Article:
Zimbabwe: Mixed Signals in 2014 Budget

editorial

WHILE Finance minister Patrick Chinamasa was clear yesterday he wants Zimbabwe to re-engage with the international community and promote the country's image following years of isolation, he also sounded confrontational and intransigent when it came to indigenisation, the biggest policy threat to investment.

Delivering his maiden budget statement in politically-charged language which engulfed his fiscal tenor, Chinamasa said his budget will continue to support marketing efforts, targeting participation at international fairs and expos, development of a National Convention Bureau and opening tourism offices in major source markets, among other things. He indicated government would take advantage of the prevailing conducive environment to further promote the penetration into those markets that remain untapped. He also pointed out the peaceful environment further offers a good opportunity for investment.

Chinamasa also spoke about policy certainty and consistency. He said policy stability, credibility and certainty are critical building blocks for confidence, over and above the prevailing stable macro-economic environment. He noted clarity on indigenisation, liquidity and the banking sector situation, public enterprise reforms and other things remain critical. Up to that point, we were with him. We thought finally he had got it right. However, his "clarification" on indigenisation turned out to be unhelpful. Chinamasa said in the case of resource-based investments, government's contribution would be the depleting asset in the form of the in-situ value of the mineral which would ensure a 51% equity in the business.

"The investor who comes with capital, technology and managerial skills to exploit this depleting resource is entitled to 49% of the shareholding," he said.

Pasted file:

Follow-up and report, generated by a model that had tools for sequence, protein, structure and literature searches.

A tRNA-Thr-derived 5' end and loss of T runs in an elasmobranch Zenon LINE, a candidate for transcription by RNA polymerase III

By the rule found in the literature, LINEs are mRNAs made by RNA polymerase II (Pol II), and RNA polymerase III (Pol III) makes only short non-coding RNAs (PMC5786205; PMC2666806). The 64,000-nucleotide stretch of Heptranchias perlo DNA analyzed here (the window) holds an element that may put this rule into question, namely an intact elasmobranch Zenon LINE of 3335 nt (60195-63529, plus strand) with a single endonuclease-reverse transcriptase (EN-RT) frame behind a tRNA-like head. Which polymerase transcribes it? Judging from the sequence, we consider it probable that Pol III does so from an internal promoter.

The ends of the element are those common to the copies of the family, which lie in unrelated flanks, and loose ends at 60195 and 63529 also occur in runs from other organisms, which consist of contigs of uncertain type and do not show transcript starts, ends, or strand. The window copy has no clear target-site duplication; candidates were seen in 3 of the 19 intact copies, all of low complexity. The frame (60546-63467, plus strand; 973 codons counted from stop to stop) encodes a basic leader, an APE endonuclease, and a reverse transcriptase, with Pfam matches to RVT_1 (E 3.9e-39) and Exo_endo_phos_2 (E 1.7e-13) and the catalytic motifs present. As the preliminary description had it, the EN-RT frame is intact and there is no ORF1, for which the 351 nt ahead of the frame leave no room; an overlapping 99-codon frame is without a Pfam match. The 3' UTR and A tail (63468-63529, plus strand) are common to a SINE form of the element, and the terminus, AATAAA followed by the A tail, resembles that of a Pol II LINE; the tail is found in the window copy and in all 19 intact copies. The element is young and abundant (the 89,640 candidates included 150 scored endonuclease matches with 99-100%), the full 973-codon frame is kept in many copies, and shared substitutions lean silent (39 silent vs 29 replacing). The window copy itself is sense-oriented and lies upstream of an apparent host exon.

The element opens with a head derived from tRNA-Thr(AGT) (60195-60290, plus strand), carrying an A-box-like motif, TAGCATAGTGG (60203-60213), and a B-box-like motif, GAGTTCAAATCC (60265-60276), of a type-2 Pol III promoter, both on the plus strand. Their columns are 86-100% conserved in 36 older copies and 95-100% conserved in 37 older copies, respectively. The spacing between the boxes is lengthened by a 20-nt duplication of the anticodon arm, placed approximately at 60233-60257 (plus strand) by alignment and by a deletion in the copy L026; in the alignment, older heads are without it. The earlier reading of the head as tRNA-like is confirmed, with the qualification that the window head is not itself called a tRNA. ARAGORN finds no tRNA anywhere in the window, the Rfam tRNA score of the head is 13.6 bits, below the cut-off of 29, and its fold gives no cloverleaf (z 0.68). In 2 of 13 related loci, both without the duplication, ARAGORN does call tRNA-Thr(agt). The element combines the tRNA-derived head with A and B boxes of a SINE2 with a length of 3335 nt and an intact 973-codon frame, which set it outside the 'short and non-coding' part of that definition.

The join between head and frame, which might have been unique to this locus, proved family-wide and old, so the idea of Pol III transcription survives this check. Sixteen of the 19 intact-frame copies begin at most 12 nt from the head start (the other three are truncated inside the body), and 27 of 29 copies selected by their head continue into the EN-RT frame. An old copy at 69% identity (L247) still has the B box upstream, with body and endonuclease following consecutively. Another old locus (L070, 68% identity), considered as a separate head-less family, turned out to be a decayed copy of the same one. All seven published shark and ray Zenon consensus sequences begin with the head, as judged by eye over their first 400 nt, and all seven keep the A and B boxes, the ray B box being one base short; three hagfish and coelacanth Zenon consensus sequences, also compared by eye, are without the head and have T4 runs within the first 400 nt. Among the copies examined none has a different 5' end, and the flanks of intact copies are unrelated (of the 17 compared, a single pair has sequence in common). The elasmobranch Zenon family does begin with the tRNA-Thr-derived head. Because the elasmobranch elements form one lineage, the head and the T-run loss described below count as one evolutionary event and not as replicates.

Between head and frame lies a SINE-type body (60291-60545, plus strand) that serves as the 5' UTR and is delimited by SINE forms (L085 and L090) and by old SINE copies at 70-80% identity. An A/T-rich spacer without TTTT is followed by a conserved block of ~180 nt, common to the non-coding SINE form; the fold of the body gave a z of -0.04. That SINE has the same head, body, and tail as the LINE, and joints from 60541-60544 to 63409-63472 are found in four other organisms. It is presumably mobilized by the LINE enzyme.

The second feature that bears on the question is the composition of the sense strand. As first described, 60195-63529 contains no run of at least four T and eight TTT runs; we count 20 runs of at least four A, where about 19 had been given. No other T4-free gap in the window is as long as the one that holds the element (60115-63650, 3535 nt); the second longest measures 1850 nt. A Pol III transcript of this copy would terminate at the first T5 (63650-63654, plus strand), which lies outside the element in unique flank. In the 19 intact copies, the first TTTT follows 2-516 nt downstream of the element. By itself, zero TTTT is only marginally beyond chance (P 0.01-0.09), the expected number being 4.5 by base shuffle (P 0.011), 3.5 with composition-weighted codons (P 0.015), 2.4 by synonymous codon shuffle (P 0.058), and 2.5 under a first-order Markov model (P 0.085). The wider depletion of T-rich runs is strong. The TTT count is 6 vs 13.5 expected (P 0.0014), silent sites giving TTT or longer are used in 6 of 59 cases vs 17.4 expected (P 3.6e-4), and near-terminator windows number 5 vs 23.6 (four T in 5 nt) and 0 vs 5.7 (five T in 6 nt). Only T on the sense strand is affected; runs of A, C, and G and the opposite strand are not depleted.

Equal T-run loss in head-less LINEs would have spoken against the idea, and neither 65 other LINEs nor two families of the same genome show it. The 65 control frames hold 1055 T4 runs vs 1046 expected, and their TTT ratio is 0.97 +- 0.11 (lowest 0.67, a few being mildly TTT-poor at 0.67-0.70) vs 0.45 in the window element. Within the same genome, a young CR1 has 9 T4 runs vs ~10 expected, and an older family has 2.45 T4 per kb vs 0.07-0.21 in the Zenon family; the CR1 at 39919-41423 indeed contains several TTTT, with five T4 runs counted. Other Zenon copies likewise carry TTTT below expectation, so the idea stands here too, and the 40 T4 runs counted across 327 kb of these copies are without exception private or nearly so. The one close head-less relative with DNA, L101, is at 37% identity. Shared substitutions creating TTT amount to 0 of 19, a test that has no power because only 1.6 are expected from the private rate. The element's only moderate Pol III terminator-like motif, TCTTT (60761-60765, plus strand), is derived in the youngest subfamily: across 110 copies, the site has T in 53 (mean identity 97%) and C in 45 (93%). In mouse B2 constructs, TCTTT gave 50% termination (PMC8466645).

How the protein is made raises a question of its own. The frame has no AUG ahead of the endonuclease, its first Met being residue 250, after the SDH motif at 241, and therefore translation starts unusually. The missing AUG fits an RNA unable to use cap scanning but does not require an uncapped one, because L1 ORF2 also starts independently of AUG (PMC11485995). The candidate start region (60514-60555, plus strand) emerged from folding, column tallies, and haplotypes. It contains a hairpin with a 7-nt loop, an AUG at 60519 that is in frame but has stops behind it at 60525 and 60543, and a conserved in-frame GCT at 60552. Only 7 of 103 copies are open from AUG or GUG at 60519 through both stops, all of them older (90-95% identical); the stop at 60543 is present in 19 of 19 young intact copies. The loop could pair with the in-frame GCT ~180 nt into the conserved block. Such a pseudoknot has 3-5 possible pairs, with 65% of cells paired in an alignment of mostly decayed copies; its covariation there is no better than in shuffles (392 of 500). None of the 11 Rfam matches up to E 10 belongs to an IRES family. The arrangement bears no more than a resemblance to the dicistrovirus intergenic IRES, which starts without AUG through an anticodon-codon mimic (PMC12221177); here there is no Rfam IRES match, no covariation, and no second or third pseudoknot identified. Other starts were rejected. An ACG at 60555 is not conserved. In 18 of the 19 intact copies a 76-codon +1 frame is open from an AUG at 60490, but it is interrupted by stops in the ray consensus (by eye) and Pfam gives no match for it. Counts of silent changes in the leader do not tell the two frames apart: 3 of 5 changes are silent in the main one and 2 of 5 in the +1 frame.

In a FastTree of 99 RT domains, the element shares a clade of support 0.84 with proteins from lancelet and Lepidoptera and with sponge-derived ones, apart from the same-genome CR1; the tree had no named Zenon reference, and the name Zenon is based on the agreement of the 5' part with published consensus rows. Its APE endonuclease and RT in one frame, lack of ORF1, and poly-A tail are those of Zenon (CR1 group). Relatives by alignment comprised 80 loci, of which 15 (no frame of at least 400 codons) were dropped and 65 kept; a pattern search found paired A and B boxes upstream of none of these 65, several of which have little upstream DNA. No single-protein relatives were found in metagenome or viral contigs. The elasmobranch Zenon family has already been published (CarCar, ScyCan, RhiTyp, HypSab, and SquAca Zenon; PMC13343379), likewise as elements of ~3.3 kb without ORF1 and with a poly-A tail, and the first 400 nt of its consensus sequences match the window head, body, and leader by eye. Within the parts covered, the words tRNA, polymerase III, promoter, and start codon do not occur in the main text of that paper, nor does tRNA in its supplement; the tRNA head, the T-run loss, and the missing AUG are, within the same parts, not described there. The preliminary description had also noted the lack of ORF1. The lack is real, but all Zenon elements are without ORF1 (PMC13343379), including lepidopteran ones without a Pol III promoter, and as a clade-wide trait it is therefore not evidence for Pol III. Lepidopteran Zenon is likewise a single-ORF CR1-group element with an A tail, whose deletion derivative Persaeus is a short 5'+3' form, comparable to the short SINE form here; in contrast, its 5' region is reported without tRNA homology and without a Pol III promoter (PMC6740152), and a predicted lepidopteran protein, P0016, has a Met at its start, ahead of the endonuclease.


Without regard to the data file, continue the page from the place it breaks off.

On other investments, he said the 51/49% share structure still applies even though 51% stake for locals would not be for free where enterprises do not benefit from natural resources or local raw materials.

"In the same vein, where the enterprise does not benefit from a natural resource or raw material derived from Zimbabwe, the business partners in the investment are free to make their own decisions on how and when, within the gazetted framework, the 51% contribution is to be financed or achieved," he said.

Effectively, this means there was no clarification of anything here. It was just repetition and reinforcement of the same policy position. So indigenisation -- which does not even have a policy document to guide it beyond the legislative framework -- will remain as it has been.

There would be no attempt from government to refine, properly structure and cautiously implement the programme. It was clear from Chinamasa's approach and tone, government doesn't care about the damage being inflicted on the economy by this incoherent policy. As we have said many times before, the destabilising effects of indigenisation on the economy are very serious.

Without going back to the drawing board to rework the policy to make it real-world and acceptable, Zimbabwe will remain poor with all its abundant resources. Chinamasa and his colleagues must get real.

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